SCYON Abstract

Received on August 26 2002

The Physical Conditions for Massive Star Formation: Dust Continuum Maps and Modeling

AuthorsKaisa E. Mueller, Yancy L. Shirley, Neal J. Evans II, Heather R. Jacobson
AffiliationUniversity of Texas at Austin
Accepted byAstrophysical Journal Supplement Series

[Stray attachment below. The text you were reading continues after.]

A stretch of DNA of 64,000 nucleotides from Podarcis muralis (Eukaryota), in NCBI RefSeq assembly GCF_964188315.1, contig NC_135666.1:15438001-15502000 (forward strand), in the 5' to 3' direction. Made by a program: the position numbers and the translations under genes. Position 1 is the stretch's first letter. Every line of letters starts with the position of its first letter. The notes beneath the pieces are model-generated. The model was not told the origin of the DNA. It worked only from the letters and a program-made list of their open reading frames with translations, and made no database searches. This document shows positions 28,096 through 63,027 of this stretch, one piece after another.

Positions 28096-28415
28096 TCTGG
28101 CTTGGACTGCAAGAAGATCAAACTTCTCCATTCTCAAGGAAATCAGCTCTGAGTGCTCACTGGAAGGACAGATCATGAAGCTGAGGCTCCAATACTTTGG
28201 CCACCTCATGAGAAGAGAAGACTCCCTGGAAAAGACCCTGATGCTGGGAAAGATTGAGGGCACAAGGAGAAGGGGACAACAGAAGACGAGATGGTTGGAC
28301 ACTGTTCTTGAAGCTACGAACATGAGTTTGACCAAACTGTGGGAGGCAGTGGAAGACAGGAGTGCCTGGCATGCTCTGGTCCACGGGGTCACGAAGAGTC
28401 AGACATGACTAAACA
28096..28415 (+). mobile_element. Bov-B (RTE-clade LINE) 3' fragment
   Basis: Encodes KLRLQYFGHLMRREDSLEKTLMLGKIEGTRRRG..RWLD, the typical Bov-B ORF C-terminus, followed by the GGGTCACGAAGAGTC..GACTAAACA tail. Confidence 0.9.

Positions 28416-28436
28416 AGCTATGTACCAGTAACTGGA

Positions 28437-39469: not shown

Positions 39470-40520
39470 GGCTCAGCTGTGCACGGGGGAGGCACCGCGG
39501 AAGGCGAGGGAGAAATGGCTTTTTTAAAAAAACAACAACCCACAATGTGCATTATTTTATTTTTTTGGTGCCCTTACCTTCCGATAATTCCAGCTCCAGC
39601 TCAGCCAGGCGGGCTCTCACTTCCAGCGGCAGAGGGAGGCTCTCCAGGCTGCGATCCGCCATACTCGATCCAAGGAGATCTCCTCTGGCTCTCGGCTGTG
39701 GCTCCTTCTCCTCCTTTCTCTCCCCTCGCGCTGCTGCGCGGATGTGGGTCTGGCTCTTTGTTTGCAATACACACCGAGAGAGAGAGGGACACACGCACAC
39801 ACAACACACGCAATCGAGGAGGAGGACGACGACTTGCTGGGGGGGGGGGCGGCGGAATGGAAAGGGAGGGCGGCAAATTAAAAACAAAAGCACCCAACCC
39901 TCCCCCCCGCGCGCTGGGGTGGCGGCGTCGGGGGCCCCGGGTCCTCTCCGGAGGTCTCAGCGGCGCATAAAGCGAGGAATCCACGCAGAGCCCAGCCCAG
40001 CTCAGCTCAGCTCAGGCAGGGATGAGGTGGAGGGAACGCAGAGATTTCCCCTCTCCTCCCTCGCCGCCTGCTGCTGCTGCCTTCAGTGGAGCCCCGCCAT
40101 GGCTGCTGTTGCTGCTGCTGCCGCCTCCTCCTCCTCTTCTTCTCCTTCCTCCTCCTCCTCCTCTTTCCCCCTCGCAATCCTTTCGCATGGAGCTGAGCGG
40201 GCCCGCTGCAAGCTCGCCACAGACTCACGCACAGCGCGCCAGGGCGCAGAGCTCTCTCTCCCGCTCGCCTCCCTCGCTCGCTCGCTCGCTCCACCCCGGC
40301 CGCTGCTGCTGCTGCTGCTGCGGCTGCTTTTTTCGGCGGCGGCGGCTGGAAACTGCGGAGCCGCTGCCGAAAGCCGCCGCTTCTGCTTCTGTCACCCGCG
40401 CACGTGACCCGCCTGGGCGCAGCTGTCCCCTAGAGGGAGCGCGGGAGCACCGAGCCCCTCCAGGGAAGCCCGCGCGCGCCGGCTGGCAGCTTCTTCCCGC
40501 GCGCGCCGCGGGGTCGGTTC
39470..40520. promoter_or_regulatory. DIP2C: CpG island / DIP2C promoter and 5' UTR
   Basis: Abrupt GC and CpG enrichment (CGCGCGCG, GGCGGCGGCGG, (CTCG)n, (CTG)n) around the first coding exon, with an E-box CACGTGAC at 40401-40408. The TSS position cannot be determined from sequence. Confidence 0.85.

Fifty-one dense cores associated with water masers were mapped at 350 micron. These cores are very luminous, 103 < Lobs/Lsun < 106, indicative of the formation of massive stars. Dust continuum contour maps, radial intensity profiles, and photometry are presented for these sources. The submillimeter dust emission peak is, on average, nearly coincident with the water maser position. The spectral energy distributions and normalized radial profiles of dust continuum emission were modeled for 31 sources using a one-dimensional dust radiative transfer code, assuming a power law density distribution in the envelope, n = nf (r/rf)-p. The best fit density power law exponent, p, ranged from 0.75 to 2.5 with <p> = 1.8 ± 0.4, similar to the mean value found by Beuther et al. (2002) in a large sample of massive star forming regions. The mean value of p is also comparable to that found in regions forming only low mass stars, but <nf> is over two orders of magnitude greater for the massive cores. The mean p is incompatible with a logatropic sphere (p = 1), but other star formation models cannot be ruled out. Different mass estimates are compared and mean masses of gas and dust are reported within a half-power radius determined from the dust emission, <log M(< rdec)> = 2.0 ± 0.6, and within a radius where the total density exceeds 104 cm-3, <log M(< rn)> = 2.5 ± 0.6. Evolutionary indicators commonly used for low mass star formation, such as Tbol and Lbol / Lsmm, may have some utility for regions forming massive stars. Additionally, for comparison with extragalactic star formation studies, the luminosity to dust mass ratio is calculated for these sources, <Lbol/MD> = 1.4 x 104 Lsun/Msun, with a method most parallel to that used in studies of distant galaxies. This ratio is similar to that seen in high redshift starburst galaxies.